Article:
Learn! Blog

The AAPG course on “The Petroleum System: An Investigative Method to Explore for Conventional and Unconventional Hydrocarbons,” emphasizes how the petroleum system concept can be used to more systematically investigate how hydrocarbon fluid moves from the active source rock to a conventional or unconventional accumulation and thereby reduce risk. This course is part of AAPG’s upcoming Fundamentals Education Conference, taking place November 9-13, in Houston, TX.

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American Association of Petroleum Geologists (AAPG)
Europe Blog

Meet Keith Myers from Richmond Energy Partners who is a featured speaker at the 2015 APPEX Regional Conference in November at Nice, France. Keith takes a keen interest in the oil sector governance and serves as a member of the Natural Resource Governance Institute and is on the guest teaching faculty of the Blavatnik School of Governance at Oxford University.

American Association of Petroleum Geologists (AAPG)
Learn! Blog

The objective of the AAPG course on “Clay Minerals (Classification, Structure, Chemistry, Properties, Diagenesis) in Reservoir Evaluation” is to instill enough fundamental and applied information about clay minerals so that a person will know what questions are relevant when formulating a work flow for a project, when evaluating real data, or when trying to figure out what might have “gone wrong” during a project. This course is part of AAPG’s upcoming Fundamentals Education Conference, taking place November 9-13, in Houston, TX.

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American Association of Petroleum Geologists (AAPG)
Learn! Blog

The AAPG course on “Quick Guide to Carbonate Well Log Analysis” provides just that – a quick guide that concentrates on methods used to analyze carbonate reservoirs. It is an advanced course and assumes the course participants are already well informed about basic well logging principles. This course is part of AAPG’s upcoming Fundamentals Education Conference, taking place November 9-13, in Houston, TX.

American Association of Petroleum Geologists (AAPG)
Learn! Blog

The AAPG course on “Rock/Fluid Interactions and Natural Fracture Development and Alteration” provides a practical approach to defining reservoir fluid and pressure related natural fracture generation and fracture property alteration in conventional and unconventional reservoirs. This course is part of AAPG’s upcoming Fundamentals Education Conference, taking place November 9-13, in Houston, TX.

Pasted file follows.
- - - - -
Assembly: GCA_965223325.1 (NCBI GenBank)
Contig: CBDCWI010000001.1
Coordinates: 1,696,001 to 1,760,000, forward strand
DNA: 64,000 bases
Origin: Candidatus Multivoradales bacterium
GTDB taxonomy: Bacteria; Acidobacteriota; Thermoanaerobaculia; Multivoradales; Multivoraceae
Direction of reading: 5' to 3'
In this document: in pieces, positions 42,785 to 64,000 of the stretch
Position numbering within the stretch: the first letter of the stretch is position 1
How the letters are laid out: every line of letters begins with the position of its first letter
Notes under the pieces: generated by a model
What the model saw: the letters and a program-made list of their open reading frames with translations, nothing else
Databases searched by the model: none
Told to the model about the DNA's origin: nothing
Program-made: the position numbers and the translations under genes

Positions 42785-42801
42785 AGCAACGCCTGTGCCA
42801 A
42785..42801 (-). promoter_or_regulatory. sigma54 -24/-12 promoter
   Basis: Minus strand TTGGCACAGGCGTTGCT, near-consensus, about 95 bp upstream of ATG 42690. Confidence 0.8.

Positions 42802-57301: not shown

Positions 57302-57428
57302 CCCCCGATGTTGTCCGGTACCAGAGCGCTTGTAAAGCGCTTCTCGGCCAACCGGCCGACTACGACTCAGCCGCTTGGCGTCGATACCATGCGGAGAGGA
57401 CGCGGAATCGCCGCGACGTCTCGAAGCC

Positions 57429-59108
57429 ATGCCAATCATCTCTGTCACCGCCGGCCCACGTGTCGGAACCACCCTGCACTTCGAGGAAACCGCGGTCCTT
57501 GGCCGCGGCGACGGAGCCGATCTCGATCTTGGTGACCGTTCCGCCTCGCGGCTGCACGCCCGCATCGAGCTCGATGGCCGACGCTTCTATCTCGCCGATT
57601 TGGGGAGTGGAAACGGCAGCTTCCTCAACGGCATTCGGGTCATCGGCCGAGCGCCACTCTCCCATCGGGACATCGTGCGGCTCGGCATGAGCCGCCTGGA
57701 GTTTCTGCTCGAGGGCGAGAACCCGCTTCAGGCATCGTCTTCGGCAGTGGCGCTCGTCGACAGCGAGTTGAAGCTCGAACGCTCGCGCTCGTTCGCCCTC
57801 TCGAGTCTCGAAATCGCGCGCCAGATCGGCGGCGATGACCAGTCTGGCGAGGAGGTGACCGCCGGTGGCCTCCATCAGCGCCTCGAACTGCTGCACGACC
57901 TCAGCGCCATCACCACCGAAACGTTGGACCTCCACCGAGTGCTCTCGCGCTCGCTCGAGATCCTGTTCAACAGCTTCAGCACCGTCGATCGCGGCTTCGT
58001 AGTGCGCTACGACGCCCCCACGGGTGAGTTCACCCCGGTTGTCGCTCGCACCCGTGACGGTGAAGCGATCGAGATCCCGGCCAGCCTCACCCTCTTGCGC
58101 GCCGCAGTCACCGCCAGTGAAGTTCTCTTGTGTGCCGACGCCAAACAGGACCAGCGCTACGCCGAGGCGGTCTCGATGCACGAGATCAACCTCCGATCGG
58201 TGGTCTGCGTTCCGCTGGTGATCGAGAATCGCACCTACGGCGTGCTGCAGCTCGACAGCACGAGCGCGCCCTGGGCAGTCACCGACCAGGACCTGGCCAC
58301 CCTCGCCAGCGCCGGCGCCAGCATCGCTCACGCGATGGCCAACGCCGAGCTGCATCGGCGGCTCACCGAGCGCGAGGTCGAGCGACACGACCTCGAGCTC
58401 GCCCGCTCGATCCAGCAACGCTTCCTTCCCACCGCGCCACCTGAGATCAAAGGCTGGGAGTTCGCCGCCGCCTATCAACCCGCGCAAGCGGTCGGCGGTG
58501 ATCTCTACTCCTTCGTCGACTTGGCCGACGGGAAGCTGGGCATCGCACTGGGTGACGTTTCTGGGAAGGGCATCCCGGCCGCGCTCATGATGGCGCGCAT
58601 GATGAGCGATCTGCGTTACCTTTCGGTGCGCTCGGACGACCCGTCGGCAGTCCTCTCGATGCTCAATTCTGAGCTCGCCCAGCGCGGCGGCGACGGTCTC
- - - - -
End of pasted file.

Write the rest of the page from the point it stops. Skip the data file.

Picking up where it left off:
American Association of Petroleum Geologists (AAPG)
Learn! Blog

The AAPG course on 'RQ Toolkit – Using Rock Data for Reservoir Quality Assessment' is designed to provide a general background in optimized reservoir quality assessment using rock data (core, SWC, cuttings, outcrops). This course is part of AAPG's upcoming Fundamentals Education Conference, taking place November 9-13, in Houston, TX. 

American Association of Petroleum Geologists (AAPG)
Learn! Blog

The AAPG course on “Practical Geomechanics” is designed for geoscientists interested in stress measurements and their application to problems arising from rock failure. This course is part of AAPG’s upcoming Fundamentals Education Conference, taking place November 9-13, in Houston.

American Association of Petroleum Geologists (AAPG)
Energy Policy Blog

The Government Accountability Office (GAO) recently released an analysis of technologies available to cut water use in hydraulic fracturing and thermoelectric power plant cooling to identify how water-scarce areas of the country could benefit from these technologies (GAO-15-545). Perhaps of special interest to readers is the GAO analysis of waterless or low-water stimulation fluids, although GAO concludes they are either unproven or applicable to only a few geologic formations. Thermoelectric plant cooling, represents 38 percent of U.S. water withdrawals. However, natural gas produced using hydraulic fracturing and natural gas combined cycle power generation reduces water use in power generation by up to 60% relative to coal and nuclear plants.

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American Association of Petroleum Geologists (AAPG)
Learn! Blog

The AAPG course on “Concepts, Models and Case Studies of Dolomitization”  summarizes the major advances and current controversies in dolomite research, and would be great for petroleum geologists who work in any type of carbonate hydrocarbon reservoir, especially those in working in dolomitized reservoirs. Material will be presented through a combination of lectures, case studies and class exercises.  This course is part of AAPG’s upcoming Fundamentals Education Conference, taking place November 9-13, in Houston, TX.

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American Association of Petroleum Geologists (AAPG)
Learn! Blog

This course is part of AAPG’s upcoming Fundamentals Education Conference November 9-13, in Houston, TX. Geologists, geophysicists, and engineers seeking techniques for improved subsurface mapping and prediction of lithology distribution within siliciclastic reservoir intervals will find this course useful. The course teaches sequence stratigraphy as a tool for interpreting seismic and borehole data from slope, shelf, coastal, and/or continental deposits. An entry-level understanding of these depositional environments is anticipated.